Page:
This experimental US article will attempt to explore, through brief sketches, or “tableaus,” four ways in which the visual interplays with the law of cities, and how a deeper understanding of this intersection can assist in the development of these laws and their underlying policies. For the purposes of this article, the “law of cities” is defined as those allied fields of law that deal with building, construction, architecture, planning, developing, preserving, and otherwise creating the places where we live.
First, the article explores the law’s longstanding adverse relationship to the visual, as well as contemporary efforts to change that relationship. The article then turns to the four tableaus that explore the law of cities and the visual.
In the first tableau, the article discusses the question of the cultural value of a hand-drawn map by reviewing the U.S. Supreme Court’s nineteenth century jurisprudence on Spanish era diseños, or property maps, which were part of Spanish and Mexican California-era land grants.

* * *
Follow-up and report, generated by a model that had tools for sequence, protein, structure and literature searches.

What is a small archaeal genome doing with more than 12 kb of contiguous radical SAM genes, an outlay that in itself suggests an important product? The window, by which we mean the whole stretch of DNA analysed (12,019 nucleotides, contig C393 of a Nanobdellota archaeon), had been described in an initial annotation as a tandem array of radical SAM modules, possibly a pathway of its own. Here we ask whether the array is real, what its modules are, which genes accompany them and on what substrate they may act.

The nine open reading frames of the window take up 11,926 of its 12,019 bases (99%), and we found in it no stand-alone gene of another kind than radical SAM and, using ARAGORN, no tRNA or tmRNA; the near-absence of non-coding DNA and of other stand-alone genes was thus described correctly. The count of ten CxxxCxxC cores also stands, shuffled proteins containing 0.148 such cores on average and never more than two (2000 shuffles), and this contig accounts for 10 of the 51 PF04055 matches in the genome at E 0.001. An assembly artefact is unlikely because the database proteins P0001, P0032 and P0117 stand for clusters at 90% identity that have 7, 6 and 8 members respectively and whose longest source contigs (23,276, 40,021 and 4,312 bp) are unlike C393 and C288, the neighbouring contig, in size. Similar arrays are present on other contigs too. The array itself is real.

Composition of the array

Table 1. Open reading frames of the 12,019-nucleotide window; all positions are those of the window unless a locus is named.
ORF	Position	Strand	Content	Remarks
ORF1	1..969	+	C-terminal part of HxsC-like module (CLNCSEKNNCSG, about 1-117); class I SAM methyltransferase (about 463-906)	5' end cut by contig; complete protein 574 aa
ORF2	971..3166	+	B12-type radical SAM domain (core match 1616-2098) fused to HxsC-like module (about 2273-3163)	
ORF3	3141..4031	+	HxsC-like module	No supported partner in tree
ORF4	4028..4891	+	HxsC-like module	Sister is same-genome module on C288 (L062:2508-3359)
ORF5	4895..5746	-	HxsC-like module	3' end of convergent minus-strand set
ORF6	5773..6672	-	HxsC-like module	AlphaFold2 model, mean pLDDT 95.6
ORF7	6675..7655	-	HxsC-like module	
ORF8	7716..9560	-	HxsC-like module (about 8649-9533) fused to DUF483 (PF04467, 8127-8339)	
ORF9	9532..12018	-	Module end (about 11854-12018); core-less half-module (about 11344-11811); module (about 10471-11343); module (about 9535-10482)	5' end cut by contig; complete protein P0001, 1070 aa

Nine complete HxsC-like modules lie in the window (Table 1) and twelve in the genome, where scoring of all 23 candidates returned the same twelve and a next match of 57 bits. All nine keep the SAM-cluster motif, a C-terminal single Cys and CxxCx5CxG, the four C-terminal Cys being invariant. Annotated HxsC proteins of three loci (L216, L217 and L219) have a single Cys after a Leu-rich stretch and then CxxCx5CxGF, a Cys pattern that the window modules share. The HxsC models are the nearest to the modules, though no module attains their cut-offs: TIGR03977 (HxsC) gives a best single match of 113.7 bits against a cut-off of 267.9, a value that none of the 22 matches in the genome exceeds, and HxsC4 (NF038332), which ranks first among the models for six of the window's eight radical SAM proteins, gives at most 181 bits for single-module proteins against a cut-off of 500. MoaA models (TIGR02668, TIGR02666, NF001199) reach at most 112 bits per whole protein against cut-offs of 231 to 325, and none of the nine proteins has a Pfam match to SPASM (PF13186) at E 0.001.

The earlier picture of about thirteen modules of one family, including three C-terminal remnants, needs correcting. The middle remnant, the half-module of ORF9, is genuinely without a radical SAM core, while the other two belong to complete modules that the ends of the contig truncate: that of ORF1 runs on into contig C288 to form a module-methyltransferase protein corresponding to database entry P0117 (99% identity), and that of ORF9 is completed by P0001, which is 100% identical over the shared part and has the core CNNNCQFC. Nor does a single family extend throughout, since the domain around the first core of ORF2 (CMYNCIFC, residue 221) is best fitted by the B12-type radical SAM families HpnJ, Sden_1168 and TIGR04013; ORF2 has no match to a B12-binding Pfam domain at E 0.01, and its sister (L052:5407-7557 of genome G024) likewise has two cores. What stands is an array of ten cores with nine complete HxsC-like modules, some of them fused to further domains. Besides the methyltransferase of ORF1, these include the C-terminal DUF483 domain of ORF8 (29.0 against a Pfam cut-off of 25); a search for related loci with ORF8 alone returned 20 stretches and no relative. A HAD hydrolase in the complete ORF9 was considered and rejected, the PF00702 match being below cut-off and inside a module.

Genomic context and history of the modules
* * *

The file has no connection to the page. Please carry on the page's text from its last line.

In the second tableau, the article discusses the question of whether aesthetics is a proper domain of the law of cities by comparing the U.S. Supreme Court’s decision in Berman v. Parker, its progeny, and Daniel Burnham’s 1909 Plan of Chicago, which was the first, and perhaps most important, comprehensive plan drafted for an American city in the “City Beautiful” tradition.
The third tableau explores the production of space and the philosophy of Henri Lefebvre in the context of the visual as law, most notably, in the rise of visual zoning codes.
The fourth tableau extends the law and literature movement to the visual arts through the philosophy of Edward Casey as applied to the painter Edward Hopper.